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I state “case” because I regularly felt like my passions and beliefs, as well as my liberal arts education went on daily trial. I had originally come from a hard-scrabble immigrant reality, but my perception of reality had been altered by my education experience, and as an educator I felt the need to authenticate my progressive (core text) education with my students.

I was regularly reminded that the  immediate world of the “average” student (citizen) with all its pressing, “real” concerns does not immediately open itself to “thought” in the liberal arts sense. We are a specialization, automation, struggling and hyper competitive society. The “learning time” of a student citizen is spent in the acquisition of “marketable,” and differentiating skills, while their “free time” is the opportunity to decompress from, or completely escape the pressures of competitive skill acquisition. The whole cycle is guided by an air of anxiety fostered in our national eduction philosophy, as well as the troubled economy and scattered society at large. I don’t think one can teach the humanities without listening to their students, and listening to the students calls for a deep inventory on the value of “thought” in the humanities sense, and then ultimately in how to most truthfully communicate this value to the students.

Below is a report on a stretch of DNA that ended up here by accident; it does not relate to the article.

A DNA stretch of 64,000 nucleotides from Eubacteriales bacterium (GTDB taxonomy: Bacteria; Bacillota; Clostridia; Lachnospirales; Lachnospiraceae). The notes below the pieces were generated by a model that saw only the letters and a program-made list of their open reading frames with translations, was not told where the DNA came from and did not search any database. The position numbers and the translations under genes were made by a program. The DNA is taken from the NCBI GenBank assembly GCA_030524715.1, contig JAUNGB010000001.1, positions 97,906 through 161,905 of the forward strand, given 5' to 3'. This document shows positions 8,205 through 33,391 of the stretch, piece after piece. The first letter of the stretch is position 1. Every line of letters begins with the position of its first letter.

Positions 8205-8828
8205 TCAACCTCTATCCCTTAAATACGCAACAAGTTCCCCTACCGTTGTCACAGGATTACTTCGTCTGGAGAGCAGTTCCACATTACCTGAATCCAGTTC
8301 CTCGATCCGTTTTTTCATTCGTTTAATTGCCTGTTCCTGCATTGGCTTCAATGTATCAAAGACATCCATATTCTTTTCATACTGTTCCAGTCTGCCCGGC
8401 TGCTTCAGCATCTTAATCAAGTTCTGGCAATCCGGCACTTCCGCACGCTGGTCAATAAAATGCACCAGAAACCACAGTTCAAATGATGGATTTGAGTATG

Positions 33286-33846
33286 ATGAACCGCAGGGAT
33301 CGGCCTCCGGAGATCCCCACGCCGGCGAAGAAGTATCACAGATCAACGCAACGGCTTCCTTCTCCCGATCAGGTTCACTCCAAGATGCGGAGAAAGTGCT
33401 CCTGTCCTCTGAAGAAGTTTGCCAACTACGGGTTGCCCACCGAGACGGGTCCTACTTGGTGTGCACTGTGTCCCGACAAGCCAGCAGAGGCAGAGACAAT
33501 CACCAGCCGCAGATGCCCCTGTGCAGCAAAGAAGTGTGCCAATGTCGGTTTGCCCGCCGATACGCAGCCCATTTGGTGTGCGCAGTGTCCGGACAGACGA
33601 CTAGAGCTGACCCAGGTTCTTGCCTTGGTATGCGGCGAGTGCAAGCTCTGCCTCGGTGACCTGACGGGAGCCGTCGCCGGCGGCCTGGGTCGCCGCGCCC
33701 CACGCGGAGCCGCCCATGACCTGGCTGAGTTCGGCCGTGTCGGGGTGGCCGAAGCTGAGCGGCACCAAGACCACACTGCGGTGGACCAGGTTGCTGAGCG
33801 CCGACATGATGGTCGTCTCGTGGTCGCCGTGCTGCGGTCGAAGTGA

I need to add here that my students were quite smart and insightful. This made it even greater of a challenge. Their intelligence was one of realism. I needed to both acknowledge and sway their perspective, as well as my own.

Each semester I began with a close-reading of David Foster Wallace’s commencement speech at Kenyon College, “What is Water.” He begins his speech with the parable of two fish swimming by an older fish which as it swims by asks, How is the Water?” The little ones swim on and only later ask each other, “What is water?”  Didactic parable, cliche — yes — but Wallace goes on to deconstruct the artifice of commencement speeches, parables, and cliches, and then rebuilds them. Having so skillfully deconstructed them he has invited his listers into the form making, and as he communicates the truth beneath what had earlier seemed lofty or cliche, the listers follow him towards meaning making. Ultimately Wallace states that education is “less about teaching you how to think, and more about teaching you of the choice in what to think about.” To have agency is to be a meaning maker. And as more and more cultural institutions artfully vie for the citizens devotion and loyalty — politics, religion, but even more so, corporate houses and pop culture designs, in the ever growing noise of institutional marketing the call to choose seems ever more muted.

The choice, for so many students today, is simply in how to most skillfully compartmentalize themselves and their lives in the face of the anxieties of their immediate world. The choice for many young teachers, facing their own set of related anxieties, is in how far are they willing step away from the ideal of learning-living-teaching integration model — so easy is it today as an educator to simply become disenchanted, frustrated and aloof. Sometimes, “thinking” is the process of choosing what to keep and what to give away.